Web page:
. look at the banker bailouts that we have had. henry paulson, even in the elections when congress voted it down the first time, the banker bail out the last month or so of george bush's administration. obama and mccain came off of the campaign trails. they got on the phone and they got the congressional black caucus to change their votes and twist some arms and it passed and obama became president. i announcing that is why he became president, but you have to look at where the money is coming from. host: he is asking questions about jack lew, the next secretary of treasury. dave clark from politico joins us to learn a little bit more about him. to the caller pose a question about his background, particularly about wall street, can you tell us and on his experiences there and what he brings to the white house? caller: most of his background is predominantly a denture washington. he was a top house aide for a long time. he worked in the clinton administration. in the obama administration he was also the director as well working at the state department. he did spend two or three years, 200
parties, no breakup, no pulling away, no clever arrangement before the election in may 2015? you will be industry working together until the day that election is called, on time and on schedule? >> let me take the second of the question first. i've always said, nick has always said, this is a full five your coalition. the public wants us, as nick has just said, to work hard on their behalf right through this parliament to fix the problems that we have inherited and to set out and deliver the long-term plans we've spoken about. for me it is absolutely five your plan, a five your parliament, a five your government. it's about work. it's about delivery, not partisanship. on the first part of your question, i hate to sort of spoil the party, but let me put it like this. we are married, not to each other. we are both happily married. this is a government, not a relationship. it's a government about delivering for people, because of the mess we are left in by the previous government, because of the huge challenges that we face. what we said to people two and half years ago was that we
won the election, wendell wilkie, who he beat, with enough is. they remained friends. wilkie said to the president, why do you keep that man so close to you. batman being hopkins. wilkie did not like hot cans and roosevelt set coming out, you may be in the south is sunday and you lenders can, but he asks for not need except to serve me. >> now discussion on the growing numbers of women serving in congress and the act. from "washington journal," this is about 40 minutes. >> joining us now, the president of emily's list. thank you for joining us. >> guest: thank you for being here. postreligious had elections. how did women fare? >> guest: this doesn't mandate. this is an election about an historic member of women sworn in to congress last week. i'm filled with pride to see how these women walking in. this election was about women voters and women's issues, some of which i would've preferred not having debate about, but nevertheless, i really think as we move forward, we'll see more and more women stepping up to run. post out as a result, 20 senators, 81 representatives in 2013. the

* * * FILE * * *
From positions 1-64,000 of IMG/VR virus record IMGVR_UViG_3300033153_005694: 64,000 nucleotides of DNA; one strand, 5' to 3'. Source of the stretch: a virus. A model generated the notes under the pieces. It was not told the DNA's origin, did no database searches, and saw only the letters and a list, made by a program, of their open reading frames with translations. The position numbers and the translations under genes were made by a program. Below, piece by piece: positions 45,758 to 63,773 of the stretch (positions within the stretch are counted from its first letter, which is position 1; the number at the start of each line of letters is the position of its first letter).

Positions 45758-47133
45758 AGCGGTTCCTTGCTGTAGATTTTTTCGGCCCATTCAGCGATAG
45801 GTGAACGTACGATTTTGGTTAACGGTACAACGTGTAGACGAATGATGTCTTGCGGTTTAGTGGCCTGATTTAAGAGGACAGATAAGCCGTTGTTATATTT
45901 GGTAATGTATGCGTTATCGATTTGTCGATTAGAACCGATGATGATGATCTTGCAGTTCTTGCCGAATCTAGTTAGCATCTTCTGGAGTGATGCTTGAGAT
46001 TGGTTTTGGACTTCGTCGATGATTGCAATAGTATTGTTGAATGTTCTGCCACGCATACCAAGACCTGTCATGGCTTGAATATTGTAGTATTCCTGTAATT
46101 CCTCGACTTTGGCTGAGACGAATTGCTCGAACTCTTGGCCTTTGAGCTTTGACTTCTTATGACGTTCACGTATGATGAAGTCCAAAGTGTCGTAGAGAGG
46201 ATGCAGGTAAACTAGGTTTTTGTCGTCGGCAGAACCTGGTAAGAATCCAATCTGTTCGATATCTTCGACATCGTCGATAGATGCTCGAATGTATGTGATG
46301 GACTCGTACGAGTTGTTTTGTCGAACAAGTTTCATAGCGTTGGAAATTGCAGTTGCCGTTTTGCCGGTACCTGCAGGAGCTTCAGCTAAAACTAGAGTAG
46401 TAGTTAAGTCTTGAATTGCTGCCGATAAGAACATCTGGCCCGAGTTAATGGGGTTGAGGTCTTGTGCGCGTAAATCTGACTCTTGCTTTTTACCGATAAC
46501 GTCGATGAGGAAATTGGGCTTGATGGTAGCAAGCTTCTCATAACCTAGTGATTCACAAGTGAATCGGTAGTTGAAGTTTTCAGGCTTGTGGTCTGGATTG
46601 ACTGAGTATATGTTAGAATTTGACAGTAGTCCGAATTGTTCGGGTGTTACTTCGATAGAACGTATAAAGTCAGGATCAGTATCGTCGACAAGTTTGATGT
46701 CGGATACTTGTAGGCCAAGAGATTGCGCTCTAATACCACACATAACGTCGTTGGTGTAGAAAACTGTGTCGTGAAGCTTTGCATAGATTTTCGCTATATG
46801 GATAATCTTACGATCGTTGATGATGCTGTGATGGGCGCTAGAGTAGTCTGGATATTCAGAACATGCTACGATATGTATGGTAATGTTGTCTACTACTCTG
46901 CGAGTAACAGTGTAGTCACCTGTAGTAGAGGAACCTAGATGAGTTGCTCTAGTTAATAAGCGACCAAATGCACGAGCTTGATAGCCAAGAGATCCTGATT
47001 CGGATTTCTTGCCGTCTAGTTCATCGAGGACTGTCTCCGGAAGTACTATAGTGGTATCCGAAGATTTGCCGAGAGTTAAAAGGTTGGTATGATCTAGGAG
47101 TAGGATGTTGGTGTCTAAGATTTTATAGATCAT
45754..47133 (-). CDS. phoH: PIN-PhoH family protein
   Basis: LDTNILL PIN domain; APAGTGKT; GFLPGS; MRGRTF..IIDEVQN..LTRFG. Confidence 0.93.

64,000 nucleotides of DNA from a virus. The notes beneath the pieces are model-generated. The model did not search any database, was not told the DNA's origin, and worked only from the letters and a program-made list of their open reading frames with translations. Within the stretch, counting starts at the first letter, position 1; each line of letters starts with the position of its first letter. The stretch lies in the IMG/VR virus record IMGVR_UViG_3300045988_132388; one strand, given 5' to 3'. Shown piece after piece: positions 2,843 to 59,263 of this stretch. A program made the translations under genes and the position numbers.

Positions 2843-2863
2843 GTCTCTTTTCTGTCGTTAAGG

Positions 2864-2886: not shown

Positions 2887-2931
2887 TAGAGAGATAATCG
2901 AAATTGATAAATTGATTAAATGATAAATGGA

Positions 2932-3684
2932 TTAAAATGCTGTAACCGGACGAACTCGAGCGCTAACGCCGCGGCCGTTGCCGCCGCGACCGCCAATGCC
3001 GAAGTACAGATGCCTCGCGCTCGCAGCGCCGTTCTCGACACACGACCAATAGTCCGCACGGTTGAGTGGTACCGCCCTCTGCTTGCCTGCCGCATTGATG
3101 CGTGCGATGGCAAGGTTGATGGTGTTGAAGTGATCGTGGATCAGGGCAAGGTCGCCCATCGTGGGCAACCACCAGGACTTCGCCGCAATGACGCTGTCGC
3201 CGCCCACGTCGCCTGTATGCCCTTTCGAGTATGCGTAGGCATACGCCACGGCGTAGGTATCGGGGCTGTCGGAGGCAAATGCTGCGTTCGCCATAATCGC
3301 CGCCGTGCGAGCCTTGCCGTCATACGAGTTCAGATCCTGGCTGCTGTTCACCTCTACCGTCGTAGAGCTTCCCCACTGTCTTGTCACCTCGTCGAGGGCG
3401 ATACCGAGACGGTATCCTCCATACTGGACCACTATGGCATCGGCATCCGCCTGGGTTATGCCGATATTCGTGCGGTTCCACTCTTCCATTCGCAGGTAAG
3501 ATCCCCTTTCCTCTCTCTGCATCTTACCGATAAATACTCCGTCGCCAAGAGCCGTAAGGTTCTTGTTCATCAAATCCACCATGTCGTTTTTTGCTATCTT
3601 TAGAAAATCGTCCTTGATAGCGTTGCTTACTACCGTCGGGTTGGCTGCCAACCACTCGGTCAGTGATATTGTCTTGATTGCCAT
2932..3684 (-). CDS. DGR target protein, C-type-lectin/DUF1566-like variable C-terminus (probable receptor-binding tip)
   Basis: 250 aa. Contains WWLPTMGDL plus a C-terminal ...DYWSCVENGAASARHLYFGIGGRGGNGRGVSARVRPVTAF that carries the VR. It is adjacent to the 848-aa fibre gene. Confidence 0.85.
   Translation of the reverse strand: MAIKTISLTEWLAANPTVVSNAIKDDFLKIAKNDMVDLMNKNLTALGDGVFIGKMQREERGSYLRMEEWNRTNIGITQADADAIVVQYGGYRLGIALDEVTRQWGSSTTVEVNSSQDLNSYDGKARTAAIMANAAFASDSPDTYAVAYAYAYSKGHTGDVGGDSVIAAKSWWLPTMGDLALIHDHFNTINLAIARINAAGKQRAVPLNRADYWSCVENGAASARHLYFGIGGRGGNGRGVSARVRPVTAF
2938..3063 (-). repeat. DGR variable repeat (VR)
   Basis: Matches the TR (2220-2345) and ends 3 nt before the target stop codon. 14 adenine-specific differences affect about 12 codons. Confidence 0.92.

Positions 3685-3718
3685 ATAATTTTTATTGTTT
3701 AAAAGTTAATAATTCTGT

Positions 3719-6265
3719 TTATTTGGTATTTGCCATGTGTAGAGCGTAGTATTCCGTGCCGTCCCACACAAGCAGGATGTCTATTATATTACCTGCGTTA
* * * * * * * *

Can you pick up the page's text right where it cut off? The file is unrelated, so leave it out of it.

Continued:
of 201. baseball elects no players to the hall of fame. jason star will talk about why this hand and what it means. hi. i'm henry winkler. and i'm here to tell homeowners that are 62 and older about a great way to live a better retirement. it's called a reverse mortgage. [ male announcer ] call right now to receive your free dvd and booklet with no obligation. it answers questions like how a reverse mortgage works, how much you qualify for, the ways to receive your money, and more. plus, when you call now, you'll get this magnifier with l.e.d. light absolutely free. when you call the experts at one reverse mortgage today, you'll learn the benefits of a government-insured reverse mortgage. it will eliminate your monthly mortgage payments and give you tax-free cash from the equity in your home. and here's the best part -- you still own your home. take control of your retirement today. ♪ ♪ "southern wild." >> "silver linings playbook." >> "zero dark thirty". >> "lincoln." steven spielberg and kathleen kennedy producers. >> "les miserables." >> "life of pi." ang lee. >> "amore" nom noise
of americans all across this country and people around the world. and elected officials, i think, are really paying a lot more attention to this and then taking action. the leadership that is already come forward by president obama and then his asking vice president biden to take on this issue, the vice president's record is clear in terms of public safety and taking swift action to make america much safer. the vice president has been working this issue since the president asked him to jump on it, virtually, every day. so i think this is a unique moment. democrats, republicans, mayors, governors and we hear from the president and vice president. the vice president is having these meetings. he talked about what happened earlier today. something good is going to happen out of an incredible tragedy in connecticut and the tragedies that mothers and fathers and sisters and brothers and neighbors experience on a daily basis all across the cities of the united states. >> that's what i want to address. because newtown absolutely a despicable, unthinkable act. but we've been seeing in cities across t